Electric bills to increase by 30 percent

November 15, 2002|by STACEY DANZUSO

CHAMBERSBURG, Pa. - The borough's residential electric customers will see their rates jump 30 percent in 2003.

That's due to a new power supply contract that goes into effect Dec. 1, and the cost of the nearly $20 million power plant under construction in the Chambers-5 Business Park.

"For the average residential customer, 2003 energy costs will go up over 30 percent from this year," Borough Manager Eric Oyer said.

Oyer reminds customers they saw about a 15 percent drop in rates in 2002 because of a special one-year arrangement with Allegheny Energy.


After 2003, customers should see some decline in rates because the borough's new 23-megawatt generating facility will be up and running, he said.

The borough spent months ironing out the five-year contract with Detroit Edison for wholesale power. Officials said it was the best contract it could negotiate, and it ends a 60-year relationship with Allegheny Energy, whose contract with the borough expires at the end of the month.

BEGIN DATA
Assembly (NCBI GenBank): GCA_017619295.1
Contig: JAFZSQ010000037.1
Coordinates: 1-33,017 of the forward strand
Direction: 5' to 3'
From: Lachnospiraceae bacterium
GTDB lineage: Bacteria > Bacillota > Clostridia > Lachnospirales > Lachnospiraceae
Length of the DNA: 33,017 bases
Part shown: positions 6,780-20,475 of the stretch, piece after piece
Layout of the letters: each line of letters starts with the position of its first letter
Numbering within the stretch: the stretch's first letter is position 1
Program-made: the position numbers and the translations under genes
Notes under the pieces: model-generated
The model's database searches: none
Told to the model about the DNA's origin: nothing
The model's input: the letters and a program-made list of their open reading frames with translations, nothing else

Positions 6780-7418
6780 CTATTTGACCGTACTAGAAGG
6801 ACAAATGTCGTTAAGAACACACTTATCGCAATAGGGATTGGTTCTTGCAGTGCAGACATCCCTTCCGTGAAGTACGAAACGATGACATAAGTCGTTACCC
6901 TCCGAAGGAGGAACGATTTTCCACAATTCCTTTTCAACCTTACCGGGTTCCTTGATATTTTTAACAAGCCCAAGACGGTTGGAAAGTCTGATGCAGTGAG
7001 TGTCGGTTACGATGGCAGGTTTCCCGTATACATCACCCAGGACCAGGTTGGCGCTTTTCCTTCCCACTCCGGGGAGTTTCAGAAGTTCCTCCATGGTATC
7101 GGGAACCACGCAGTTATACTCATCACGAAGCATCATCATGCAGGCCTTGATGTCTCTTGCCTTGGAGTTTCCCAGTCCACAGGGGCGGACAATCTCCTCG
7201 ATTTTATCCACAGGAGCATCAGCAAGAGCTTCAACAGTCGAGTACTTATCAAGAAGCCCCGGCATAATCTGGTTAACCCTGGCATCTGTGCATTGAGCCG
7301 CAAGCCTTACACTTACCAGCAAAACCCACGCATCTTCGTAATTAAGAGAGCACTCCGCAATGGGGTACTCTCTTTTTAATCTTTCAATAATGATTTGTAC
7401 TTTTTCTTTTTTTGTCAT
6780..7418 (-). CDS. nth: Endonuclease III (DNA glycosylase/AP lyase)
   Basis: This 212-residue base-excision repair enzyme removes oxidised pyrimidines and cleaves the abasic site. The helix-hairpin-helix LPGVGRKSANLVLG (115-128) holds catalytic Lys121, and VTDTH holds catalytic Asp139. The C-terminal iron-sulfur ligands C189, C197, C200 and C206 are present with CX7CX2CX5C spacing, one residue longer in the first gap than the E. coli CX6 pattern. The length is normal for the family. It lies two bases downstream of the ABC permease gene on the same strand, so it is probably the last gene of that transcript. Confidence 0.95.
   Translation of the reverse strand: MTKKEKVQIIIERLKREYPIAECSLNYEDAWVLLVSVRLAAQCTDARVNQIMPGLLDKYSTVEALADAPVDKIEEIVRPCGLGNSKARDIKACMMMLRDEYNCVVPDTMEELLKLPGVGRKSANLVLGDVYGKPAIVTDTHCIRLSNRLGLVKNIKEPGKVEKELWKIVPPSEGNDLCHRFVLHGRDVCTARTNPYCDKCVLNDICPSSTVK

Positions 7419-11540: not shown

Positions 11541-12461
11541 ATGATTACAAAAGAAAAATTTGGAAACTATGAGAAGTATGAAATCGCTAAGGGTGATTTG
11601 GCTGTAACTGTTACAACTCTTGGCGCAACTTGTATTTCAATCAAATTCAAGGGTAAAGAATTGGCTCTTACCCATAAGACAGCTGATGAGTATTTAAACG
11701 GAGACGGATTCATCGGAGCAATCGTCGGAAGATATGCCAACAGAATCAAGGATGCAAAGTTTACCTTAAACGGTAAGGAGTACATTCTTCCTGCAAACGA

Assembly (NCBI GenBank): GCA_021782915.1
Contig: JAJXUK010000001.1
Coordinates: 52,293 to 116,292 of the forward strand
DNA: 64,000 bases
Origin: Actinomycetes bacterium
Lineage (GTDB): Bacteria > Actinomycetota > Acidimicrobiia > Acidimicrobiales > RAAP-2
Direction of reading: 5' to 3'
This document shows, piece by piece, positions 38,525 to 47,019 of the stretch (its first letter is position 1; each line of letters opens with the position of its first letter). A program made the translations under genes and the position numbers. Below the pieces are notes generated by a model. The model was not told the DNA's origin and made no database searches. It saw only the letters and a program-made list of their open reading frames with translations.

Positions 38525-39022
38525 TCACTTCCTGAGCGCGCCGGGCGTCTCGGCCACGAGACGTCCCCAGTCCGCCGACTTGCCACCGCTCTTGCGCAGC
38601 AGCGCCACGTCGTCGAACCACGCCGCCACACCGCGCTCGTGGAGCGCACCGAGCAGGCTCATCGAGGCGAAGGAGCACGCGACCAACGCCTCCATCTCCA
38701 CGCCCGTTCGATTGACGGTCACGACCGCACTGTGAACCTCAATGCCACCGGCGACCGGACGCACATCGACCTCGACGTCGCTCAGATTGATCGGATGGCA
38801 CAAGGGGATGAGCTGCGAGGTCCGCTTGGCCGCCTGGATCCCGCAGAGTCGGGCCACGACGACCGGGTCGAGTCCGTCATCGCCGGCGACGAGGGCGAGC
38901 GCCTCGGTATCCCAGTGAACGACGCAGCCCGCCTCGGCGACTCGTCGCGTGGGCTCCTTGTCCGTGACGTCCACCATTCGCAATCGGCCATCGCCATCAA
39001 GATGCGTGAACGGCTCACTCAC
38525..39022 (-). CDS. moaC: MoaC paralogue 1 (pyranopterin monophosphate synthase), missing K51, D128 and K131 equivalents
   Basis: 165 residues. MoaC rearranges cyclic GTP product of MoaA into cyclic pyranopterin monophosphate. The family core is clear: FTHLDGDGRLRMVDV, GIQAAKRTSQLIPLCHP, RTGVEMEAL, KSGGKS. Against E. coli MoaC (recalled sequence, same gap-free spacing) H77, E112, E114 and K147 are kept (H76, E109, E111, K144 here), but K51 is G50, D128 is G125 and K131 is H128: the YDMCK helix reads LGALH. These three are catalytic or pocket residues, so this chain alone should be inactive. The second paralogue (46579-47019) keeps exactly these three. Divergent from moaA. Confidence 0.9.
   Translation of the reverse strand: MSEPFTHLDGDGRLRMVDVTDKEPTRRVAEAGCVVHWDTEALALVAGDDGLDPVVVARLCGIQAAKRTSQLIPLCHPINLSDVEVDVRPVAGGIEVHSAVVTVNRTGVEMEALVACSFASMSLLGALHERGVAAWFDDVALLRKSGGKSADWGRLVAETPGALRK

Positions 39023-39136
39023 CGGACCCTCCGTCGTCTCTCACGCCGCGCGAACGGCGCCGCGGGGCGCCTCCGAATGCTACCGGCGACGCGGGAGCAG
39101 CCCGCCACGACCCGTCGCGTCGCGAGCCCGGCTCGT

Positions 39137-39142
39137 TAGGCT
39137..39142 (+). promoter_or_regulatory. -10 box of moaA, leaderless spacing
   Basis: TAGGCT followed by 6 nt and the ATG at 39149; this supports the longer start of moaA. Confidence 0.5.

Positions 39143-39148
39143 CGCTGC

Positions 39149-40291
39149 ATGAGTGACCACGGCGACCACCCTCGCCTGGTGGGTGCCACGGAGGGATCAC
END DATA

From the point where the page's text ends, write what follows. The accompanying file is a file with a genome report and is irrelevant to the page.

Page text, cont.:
"This has been an extensive process of proposals and negotiating a final agreement," Oyer said. "We're locking in fixed-energy prices. The contract gives us considerable stability."

Borough Council members unanimously approved the power contract with Detroit Edison at their meeting Tuesday.

Electric Superintendent Richard Hamsher said the cost of the new facility only accounts for about 2 percent of the overall rate increase.

Hamsher said if a customer has an average $100 bill per month this year, that will increase to $130 next year.

That increase drops off to about 16 percent by the end of the five-year contract, he said.

Oyer said he has not done a comparison of the borough's expected new rates with the surrounding townships that are served by commercial electric companies.

The borough has operated its own electric department for 103 years, and it currently has a seven-megawatt generating station to help out in times of peak use.

The borough broke ground on the new power plant in September. The 23-megawatt facility will allow the borough to buy less electricity from a wholesaler and become more self-sufficient.

The borough's electric department serves about 10,300 customers.

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